36% caps on payday loan rates may not fully protect consumers
Several states, including Illinois and Nebraska, recently implemented restrictions that capped interest rates at 36% on consumer loans, including payday loans.
Advocates say these restrictions prevent consumers from getting over their heads with these traditionally expensive loans, but opponents argue these types of laws will reduce access to credit by forcing lenders to close their doors with rates. unsustainable, leaving people nowhere to turn when cash-strapped.
New research published Monday seems to indicate that while these 36% rate caps may be well-intentioned, a different approach may actually have a greater impact in reducing the number of Americans who get caught in a so-called “debt trap” where they have trouble repaying the loan.
Consumers may be better served by rules that require lenders to deny borrowers any new loan for a period of 30 days after taking out three consecutive payday loans, the report finds. About 90% of borrowers surveyed said they wanted extra motivation to avoid payday debt in the future, and this system would provide that without immediately limiting access to credit.
“In our view, banning payday lending hurts consumers on the net, but regulations that allow payday lending, but limit repeat borrowing, can help consumers,” says Hunt Allcott, one of the study’s principal investigators and visiting professor of law at Harvard University.
Payday loans can be easy to obtain, but difficult to repay. In states that allow payday loans, borrowers can usually take out one of these loans by going to a lender and simply providing valid ID, proof of income, and a bank account. Unlike a mortgage or car loan, there is usually no physical collateral required and the amount borrowed is usually due two weeks later.
Yet high interest rates, which exceed 600% APR in some states, and short lead times can make these loans expensive and difficult to repay. Research conducted by the The Consumer Financial Protection Bureau found that almost 1 in 4 payday loans are borrowed nine or more times. In addition, borrowers take about five months to repay loans and cost them an average of $ 520 in finance charges, Pew Charitable Trusts Reports.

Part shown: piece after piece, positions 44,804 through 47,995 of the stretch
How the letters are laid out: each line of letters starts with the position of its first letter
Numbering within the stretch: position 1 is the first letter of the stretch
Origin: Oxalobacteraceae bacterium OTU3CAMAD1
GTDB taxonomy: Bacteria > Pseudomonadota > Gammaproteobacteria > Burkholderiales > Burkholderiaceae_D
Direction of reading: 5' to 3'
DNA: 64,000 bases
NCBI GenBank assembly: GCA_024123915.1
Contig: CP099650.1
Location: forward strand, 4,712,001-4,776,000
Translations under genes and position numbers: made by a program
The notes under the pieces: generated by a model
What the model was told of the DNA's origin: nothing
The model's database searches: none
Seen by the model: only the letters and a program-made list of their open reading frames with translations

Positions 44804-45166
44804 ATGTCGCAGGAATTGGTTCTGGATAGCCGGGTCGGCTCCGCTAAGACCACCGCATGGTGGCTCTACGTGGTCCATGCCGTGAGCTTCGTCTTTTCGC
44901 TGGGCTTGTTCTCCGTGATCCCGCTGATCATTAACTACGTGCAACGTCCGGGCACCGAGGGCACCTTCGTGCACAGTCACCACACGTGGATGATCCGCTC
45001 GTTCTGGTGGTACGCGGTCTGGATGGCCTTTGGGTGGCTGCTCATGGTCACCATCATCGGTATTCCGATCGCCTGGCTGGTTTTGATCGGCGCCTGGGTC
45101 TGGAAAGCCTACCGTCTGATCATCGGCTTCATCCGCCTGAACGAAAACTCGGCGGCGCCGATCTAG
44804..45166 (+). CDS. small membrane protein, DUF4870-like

Implementing a 30-day “cooling off period” for payday loans allows consumers to access credit when they need it, but it also forces them to repay the loan sooner (rather than continuing. to re-borrow the loan), which is what borrowers say they want for themselves in the long run, Allcott says.
The cooling off period should be at least a month because it was long enough to force borrowers into a payroll cycle without getting a payday loan, Allcott says.
“Most people, within days of their payment, have a lot of money in their bank account. It’s only within a few days of your next paycheck that you run out of money and you need a loan to make ends meet, ”Allcott says.
It should be noted that Monday’s research makes several key assumptions, including that rate caps on consumer loans, including the 36% model, will effectively act as a total ban on payday loans.
In addition, the research does not take into account the effect of moderate interest rate caps or rules that encourage people to gradually repay loans, which have been implemented in Ohio and now canceled Consumer Financial Protection Bureau Rule 2017.
Register now: Improve your money and your career with our weekly newsletter
Don’t miss: This is the net worth that Americans say you need to be financially comfortable with